In putting this program together we have worked within the Guidelines of the Department of Education and
Training. The FEST  Alcohol and other Drugs  initiative should lie comfortably within a school's drug and alcohol
policy guidelines.
We recognise that we live in a drug-using society and that not all drugs are harmful, and that a lot of the
commonly used drugs in society are legal drugs.

Harm Minimisation involves a range of approaches to reduce drug related harm, including the abstinence from
drug use, prevention, early intervention, specialist treatment, supply, control and safer drug use.

Features distinguishing harm minimisation from other approaches are that it:
· acknowledges that many people in our community use drugs.
· takes into account the relationship between PEOPLE, the DRUGS they  use and the ENVIRONMENTS in which
they use them.

A harm minimisation approach does not condone or encourage drug use. It accepts that drug use by young
people is a personal choice that is not within the control of teachers or schools.

This approach recognises that drug use provides varying degrees of risk for the user. It aims to reduce the risks
associated with use and to promote healthy behaviours. It acknowledges that students can be affected by their
own drug use and the drug use of others, including parents, relatives, siblings and friends.

The FEST interactment emphasises:

what are the possible harmful effects of a scenario? and
what strategies could be used to prevent/reduce the harm in this situation?

All drug use has an effect on the body. Drug use can also affect the lifestyle of the user as well as the lives of
others. The effects and consequences of drug use are determined by:
The Person
The Drug Situation
The Place

The FEST approach to an alcohol and other drugs prevention initiative consists of the following FEST

(+ve / -ve) simplified colour coded linear progression chatterbox
IPSO linear progression harm minimization chatterbox
PRAD  personal reflection chatterbox for Alcohol and Other Drugs
FEST cross linking wellbeing chatterbox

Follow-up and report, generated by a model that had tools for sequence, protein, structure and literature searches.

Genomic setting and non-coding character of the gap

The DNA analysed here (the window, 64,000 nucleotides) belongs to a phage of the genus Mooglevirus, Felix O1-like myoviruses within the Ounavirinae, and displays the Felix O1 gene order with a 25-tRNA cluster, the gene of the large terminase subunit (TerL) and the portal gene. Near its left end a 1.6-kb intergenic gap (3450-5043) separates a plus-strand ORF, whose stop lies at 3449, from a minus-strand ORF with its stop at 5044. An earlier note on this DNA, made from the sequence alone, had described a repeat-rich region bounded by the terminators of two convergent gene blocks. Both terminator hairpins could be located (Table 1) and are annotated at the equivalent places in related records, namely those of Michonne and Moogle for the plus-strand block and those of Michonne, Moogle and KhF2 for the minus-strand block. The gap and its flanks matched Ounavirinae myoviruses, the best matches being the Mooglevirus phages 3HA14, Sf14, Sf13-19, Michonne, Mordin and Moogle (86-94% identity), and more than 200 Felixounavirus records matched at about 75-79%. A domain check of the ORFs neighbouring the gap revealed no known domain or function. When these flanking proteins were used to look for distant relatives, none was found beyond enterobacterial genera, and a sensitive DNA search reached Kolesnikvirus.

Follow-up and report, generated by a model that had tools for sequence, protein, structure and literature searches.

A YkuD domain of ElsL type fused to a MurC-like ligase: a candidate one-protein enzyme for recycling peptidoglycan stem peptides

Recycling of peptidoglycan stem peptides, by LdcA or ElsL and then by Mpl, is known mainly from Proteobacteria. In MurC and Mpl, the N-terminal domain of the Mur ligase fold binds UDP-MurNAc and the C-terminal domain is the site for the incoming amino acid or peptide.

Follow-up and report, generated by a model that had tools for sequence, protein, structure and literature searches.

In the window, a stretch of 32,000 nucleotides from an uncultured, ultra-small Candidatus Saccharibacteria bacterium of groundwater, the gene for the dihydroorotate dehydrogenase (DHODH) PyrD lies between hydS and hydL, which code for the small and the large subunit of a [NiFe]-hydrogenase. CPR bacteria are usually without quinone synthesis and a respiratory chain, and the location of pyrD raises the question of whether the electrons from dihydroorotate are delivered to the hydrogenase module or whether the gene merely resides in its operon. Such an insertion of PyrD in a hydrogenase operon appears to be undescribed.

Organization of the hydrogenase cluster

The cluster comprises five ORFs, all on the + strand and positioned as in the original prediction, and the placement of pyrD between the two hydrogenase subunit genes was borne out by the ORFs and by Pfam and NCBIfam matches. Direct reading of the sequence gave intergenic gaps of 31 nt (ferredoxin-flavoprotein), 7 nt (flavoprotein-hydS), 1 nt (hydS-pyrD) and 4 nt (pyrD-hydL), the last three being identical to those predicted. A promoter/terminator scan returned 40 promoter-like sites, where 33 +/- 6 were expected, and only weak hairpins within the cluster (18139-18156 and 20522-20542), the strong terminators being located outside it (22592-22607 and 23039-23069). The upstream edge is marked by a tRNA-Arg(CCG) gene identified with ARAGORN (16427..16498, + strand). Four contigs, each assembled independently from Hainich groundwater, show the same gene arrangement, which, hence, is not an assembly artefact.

The FEST series of chatterboxes and associated materials is an initiative to motivate students to think about the
effects of alcohol and drugs on Family life, on their Education, on their Social life and the Trauma it may cause. It
is an initiative to inspire students to be proactive in thinking about and putting into place their own strategies
about dealing with the possible drug scenarios they may be faced with.

The chatterbox will facilitate the delivery of the compulsory 10 hours of specific drug education per student per
year in interesting and pro active way. The chatterbox approach may inspire young adults to reflect on and
instigate positive actions and strategies about matters of drugs and alcohol.
Most students have messed around with chatterboxes of some sort or another and are familiar with the fun way in
which they have been used to communicate jokes, feelings and messages. Chatterboxes are fun. They are easy
to make and are fun to play with and construct.The chatterbox can be positively used as a most effective teaching
and learning tool.

The chatterbox encompasses most of the multiple intelligences in its use.

Visual and Spatial                           Use of colour, patterns and diagrams.
Verbal linguistic                               Writing, discussion, description.
Logical mathematical                      Patterns, logical procedures and sequences.
Kinaesthetic                                    Construction, hands on, movement.
Interpersonal                                   Sharing, teamwork, discussion.
Intrapersonal                                   Reflection, personal experiences.

The chatterbox is ideally suited for the Visual, Audio or Kinaesthetic learner.
The chatterboxes are fun to make either as a team initiative or as a personal/ individual response or task. There
is ownership in their fabrication and the process and the outcomes involved. The chatterbox can be used as a
personal reflective tool or as a team or shared reflection process. It can be used as a re-enforcement tool or to
investigate strategies or consolidate an idea or direction.

The Chatterboxes

(+ve / - ve) Chatterbox
This chatterbox presents simple scenarios in a colour coded linear progression and is a forerunner to the more
complicated chatterboxes.
The (+ve / -ve) chatterbox provides students with an opportunity to discuss situations they may find themselves in.

IPSO (Individual, Place, Situation, Outcome) Chatterbox.
Harm minimisation questions the possible harmful effects of the IPSO scenarios and what strategies could be
Students develop their own IPSO chatterbox using the provided template and discuss the various outcomes.

PRAD (Personal Reflection Alcohol Drugs) Chatterbox
The PRAD chatterbox is a little more sophisticated. The given examples are a guided tour of the possible
outcomes of Alcohol and Drugs and personal wellbeing, giving a time frame and eventual possible consequence
of the situations.
As students develop their own or group chatterboxes from the provided template it will help them to understand
the relationship between the cause and effect of various actions or scenarios leading to class discussions and the
development of relevant strategies.

FEST (Wellbeing) Chatterbox
The FEST wellbeing chatterbox that reflects “your” own outcomes is a little different. The chatterbox helps to
determine the relationships of external events upon a personal central focus. As students develop their own or
group chatterboxes from the provided template it helps them to focus on their ultimate goal or desired end result.
FEST Interactment

A chatterbox approach
to an
Alcohol and Other Drugs initiative